The day after the dismissal, Bill and Lillie’s son William was arrested by Federal prohibition agents on a charge of possessing and transporting liquor. William was doing so, however, at the behest of Judge George Tebbs, who had directed him to take the liquor seized from his mother’s home to a Cincinnati hospital. According to a June 27, 1931 Enquirer article, “Federal agents had been “urged on” to make the seizure of the liquor from the young man by police who were “sore” because the case against the mother had been thrown out of Court by Judge Tebbs due to a defect in the affidavit.” The case against William, Jr. was subsequently dismissed.

Lillie Von Rissen passed away in 1938, and Bill Von Rissen passed away in 1958.  Their son William lived until 1991, and we remember him for his lakeside property in Delhi.

1926 Star Scorpio, by DeFacto (Own work) [CC BY-SA 4.0 (http://creativecommons.org/licenses/by-sa/4.0)%5D, via Wikimedia Commons

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Irene Von Rissen

Family historyIrene Von Rissen is our first cousin, twice removed—our paternal grandmother’s first cousin on her father’s side.  She was born in 1897, in Cincinnati, to John and Rose Von Rissen.  She worked as a bookkeeper, an inspector (of what we do not know), a beauty shop operator and a clerk, and died at the age of 86 in 1984.

Why write about Irene?  Irene was married in February 1916 to 35-year-old William Collins, a railroad engineer.  They separated in April and divorced in July.  The July 21, 1916 Cincinnati Post article about the divorce is worth posting in full:

‘Most Liberal’ Husband Wins Divorce Decree

Wm. F. Collins, 35, of 1409 Pleasant-st., was referred to as the most generous husband who had ever appeared in the Court of Domestic Relations Friday.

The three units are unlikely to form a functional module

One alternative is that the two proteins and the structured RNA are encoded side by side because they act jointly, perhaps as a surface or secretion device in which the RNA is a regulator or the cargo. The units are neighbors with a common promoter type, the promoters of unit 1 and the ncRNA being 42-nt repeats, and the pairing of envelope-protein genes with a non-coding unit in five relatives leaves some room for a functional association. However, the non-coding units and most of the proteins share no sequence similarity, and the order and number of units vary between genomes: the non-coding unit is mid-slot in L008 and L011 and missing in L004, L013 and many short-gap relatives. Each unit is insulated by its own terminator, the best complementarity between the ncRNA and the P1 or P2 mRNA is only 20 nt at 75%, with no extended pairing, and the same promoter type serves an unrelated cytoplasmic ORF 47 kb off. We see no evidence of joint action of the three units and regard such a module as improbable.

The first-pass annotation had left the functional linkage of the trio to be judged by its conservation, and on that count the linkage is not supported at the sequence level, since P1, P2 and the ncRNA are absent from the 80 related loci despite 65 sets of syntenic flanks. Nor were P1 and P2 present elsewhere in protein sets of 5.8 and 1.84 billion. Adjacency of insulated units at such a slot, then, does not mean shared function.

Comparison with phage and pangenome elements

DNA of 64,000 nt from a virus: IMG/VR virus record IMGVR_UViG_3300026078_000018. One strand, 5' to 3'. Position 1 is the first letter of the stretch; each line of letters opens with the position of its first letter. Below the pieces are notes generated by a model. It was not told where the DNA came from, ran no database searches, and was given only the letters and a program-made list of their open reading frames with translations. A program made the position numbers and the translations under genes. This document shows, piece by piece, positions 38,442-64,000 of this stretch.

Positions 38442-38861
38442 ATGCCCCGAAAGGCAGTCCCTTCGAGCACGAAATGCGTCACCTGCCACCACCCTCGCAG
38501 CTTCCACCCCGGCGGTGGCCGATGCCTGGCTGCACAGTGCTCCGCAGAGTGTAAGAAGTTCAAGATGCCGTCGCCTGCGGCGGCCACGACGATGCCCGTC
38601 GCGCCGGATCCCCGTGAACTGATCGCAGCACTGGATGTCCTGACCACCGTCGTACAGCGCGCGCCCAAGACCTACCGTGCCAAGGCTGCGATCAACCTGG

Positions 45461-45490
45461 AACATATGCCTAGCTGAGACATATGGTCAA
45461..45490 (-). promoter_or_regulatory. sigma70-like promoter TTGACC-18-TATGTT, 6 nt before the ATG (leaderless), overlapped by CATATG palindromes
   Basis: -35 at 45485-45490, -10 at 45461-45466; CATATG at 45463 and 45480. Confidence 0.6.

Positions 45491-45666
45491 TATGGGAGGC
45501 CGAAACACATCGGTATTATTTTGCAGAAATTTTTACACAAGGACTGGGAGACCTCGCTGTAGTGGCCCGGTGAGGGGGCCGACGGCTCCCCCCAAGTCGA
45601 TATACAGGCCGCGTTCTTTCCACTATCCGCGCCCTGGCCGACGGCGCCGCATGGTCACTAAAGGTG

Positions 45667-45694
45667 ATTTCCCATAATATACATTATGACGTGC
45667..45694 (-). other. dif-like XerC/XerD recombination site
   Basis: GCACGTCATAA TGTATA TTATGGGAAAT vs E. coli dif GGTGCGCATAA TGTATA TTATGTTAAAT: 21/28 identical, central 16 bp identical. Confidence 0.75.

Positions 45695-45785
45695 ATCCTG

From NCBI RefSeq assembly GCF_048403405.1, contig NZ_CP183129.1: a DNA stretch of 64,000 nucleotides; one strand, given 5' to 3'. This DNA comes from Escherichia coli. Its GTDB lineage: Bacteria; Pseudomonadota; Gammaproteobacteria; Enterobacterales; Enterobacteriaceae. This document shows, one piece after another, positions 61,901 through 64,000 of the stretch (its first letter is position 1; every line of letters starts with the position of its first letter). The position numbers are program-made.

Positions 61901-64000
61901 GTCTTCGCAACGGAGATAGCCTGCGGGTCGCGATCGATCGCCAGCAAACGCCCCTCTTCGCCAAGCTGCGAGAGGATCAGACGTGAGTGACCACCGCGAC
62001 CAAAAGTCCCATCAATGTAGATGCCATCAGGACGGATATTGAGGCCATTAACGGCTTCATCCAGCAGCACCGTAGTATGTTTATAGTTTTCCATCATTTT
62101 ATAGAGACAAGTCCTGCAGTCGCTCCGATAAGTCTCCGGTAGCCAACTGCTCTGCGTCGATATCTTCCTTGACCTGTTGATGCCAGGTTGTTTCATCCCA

Collins testified in the divorce suit brought against Mrs. Irene Von Rissen Collins, 18, of 1505 Linn-st., that he married on Feb. 25. He said that on Feb. 23 he gave his bride a check for $50 for wedding clothes and on Feb. 24 $150 for a wedding cloak, another check for $840, one for $75 for more wedding clothes and a check for $205 for wedding and engagement rings.

Gives Blank Check

He further testified that on Feb. 28 his wife asked him for $10 and he presented her with a signed blank check, which she filled in for $50.

On March 9, he said, he gave his wife a check for $4500, which she asked him to put in another bank on a time deposit.

He said his wife packed up her clothes and left him April 4, leaving a note.

Collins said his wife remained away from home until 1 or 2 a. m., stating she was taking music lessons.

Collins testified that on the day his wife left she sent a moving wagon around to his home and carried off the pianola he purchased her as a wedding gift.

Note Refers to Piano

Mrs. Collins refers to a pianola in her farewell note. It reads as follows:

“Do not try to find me, as it will be useless, as I have gone for good. Please pay Aunt Lillie, as I need the check. I took only what belonged to me. Do not say one word to Aunt L. or Uncle W., [Lillie and William Von Rissen—more on them in a future post.—P.T.] as they haven’t anything to do whatever with this. I am leaving on my own accord. I cannot live with you any longer. I am taking the piano, as it is mine. It was given me before I was married.”  “IRENE.”

When summoned to court Mrs. Collins appeared with an eye blackened and one shoulder and an arm in splints, injuries she sustained in a motorcycle accident Sunday.

She told the Judge she spent $2500 of her husband’s savings in “buying clothes and having a good time.”

Collins was granted a divorce on the ground of neglect.

____________

According to an article in U.S. News & World Report, in 1915 (a year before Irene and William’s marriage):

  • Men made an average of $687 a year (women about half that).